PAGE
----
Le Monde reported that the Italian government struck illicit deals with Libyan traffickers and militias to prevent migrants from arriving on Italian shores — a deal that seems to have succeeded, given a 20 percent dip in arrivals compared to last year. Le Figaro reported on the government’s decision to revamp a security program called Sentinel, in which troops patrol public spaces and tourist attractions such as the Eiffel Tower and the Louvre. Left-leaning Libération reported on a new study that found glyphosate, a herbicide, on more than half of 30 products tested, including cereals, pasta and lentils.
Chancellor Angela Merkel met with representatives of the auto industry on the campaign trail on Thursday. In the wake of the Dieselgate scandal, Frankfurter Allgemeine led with Merkel saying that the “automobile industry has to regain trust.” The Süddeutsche Zeitung reported that the European Commission had bowed to German, French and Austrian pressure in allowing an extension of internal border controls.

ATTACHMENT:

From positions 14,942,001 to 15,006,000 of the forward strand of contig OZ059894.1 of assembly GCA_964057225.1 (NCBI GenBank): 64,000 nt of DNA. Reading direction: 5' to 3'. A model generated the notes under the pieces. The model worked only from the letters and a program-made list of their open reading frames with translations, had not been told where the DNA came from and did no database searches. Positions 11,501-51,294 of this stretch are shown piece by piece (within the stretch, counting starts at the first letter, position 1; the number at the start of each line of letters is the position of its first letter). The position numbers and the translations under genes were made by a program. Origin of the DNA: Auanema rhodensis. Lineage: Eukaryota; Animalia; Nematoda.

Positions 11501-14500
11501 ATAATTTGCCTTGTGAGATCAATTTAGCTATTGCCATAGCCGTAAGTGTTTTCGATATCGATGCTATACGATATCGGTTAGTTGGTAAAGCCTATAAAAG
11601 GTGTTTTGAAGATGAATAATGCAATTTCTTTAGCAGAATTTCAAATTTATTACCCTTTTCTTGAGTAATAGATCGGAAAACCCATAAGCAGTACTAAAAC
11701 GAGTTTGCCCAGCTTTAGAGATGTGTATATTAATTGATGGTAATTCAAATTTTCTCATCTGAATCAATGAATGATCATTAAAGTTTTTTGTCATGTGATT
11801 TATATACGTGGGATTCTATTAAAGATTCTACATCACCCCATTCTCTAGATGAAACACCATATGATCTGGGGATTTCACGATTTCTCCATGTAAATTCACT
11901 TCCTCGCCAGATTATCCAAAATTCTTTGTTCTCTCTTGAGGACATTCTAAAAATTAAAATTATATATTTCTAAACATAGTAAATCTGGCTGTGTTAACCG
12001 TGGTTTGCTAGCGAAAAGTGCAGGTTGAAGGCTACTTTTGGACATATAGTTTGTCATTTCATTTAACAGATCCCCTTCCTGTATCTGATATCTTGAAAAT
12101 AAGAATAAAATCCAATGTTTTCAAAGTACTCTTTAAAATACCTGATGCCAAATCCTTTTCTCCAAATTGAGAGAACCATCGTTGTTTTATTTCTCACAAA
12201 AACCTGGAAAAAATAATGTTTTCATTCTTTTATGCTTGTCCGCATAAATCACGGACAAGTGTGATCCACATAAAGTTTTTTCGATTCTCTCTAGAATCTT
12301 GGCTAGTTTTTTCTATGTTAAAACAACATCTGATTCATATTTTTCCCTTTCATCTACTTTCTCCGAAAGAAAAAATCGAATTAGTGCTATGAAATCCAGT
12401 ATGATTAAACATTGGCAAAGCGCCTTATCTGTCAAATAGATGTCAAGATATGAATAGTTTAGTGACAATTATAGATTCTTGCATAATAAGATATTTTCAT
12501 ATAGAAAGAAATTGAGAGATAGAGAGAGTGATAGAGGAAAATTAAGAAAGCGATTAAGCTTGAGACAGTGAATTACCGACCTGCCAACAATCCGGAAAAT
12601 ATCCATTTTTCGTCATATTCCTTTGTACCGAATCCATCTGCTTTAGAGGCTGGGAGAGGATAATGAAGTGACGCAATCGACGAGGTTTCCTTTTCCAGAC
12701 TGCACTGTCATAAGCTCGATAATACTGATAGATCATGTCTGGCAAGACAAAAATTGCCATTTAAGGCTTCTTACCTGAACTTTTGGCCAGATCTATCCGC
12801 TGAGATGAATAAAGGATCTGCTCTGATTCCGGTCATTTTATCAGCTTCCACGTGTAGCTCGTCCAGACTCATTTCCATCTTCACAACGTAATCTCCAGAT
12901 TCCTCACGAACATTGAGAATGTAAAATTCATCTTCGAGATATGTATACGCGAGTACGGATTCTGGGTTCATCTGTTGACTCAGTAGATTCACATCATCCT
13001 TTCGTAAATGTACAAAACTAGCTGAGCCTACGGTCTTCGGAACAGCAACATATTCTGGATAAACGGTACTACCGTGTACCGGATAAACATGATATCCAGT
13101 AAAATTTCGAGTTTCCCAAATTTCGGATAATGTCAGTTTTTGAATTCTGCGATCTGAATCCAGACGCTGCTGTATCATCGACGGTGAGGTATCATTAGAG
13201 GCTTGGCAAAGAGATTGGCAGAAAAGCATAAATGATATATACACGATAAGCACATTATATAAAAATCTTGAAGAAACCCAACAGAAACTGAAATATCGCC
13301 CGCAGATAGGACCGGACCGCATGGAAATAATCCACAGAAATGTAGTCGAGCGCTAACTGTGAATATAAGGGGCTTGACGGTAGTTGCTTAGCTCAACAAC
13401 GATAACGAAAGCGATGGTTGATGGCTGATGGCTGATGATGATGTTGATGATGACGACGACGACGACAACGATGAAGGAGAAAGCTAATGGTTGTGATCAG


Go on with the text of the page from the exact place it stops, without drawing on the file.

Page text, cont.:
The Telegraph reported that cuts to the military are hurting the British navy, making it “unable to send ships to sea.” The Mirror and the Guardian reported on the U.K. National Health Service employees’ demand for higher wages after the government signaled a willingness to end salary caps for police and prison officers.
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Catalan President Carles Puigdemont gave a speech last night, which the Spanish media marked as the start of the campaign for the Catalan independence referendum scheduled on October 1. The national government still deems this illegal. “Separatism opens campaign without the government stopping it,” led El Mundo, in a not-so-subtle dig at the government for failing to do more. Pro-independence paper El Punt Avui led with European Commission President Jean-Claude Juncker’s comments that he will “respect” an independence vote if it comes to pass.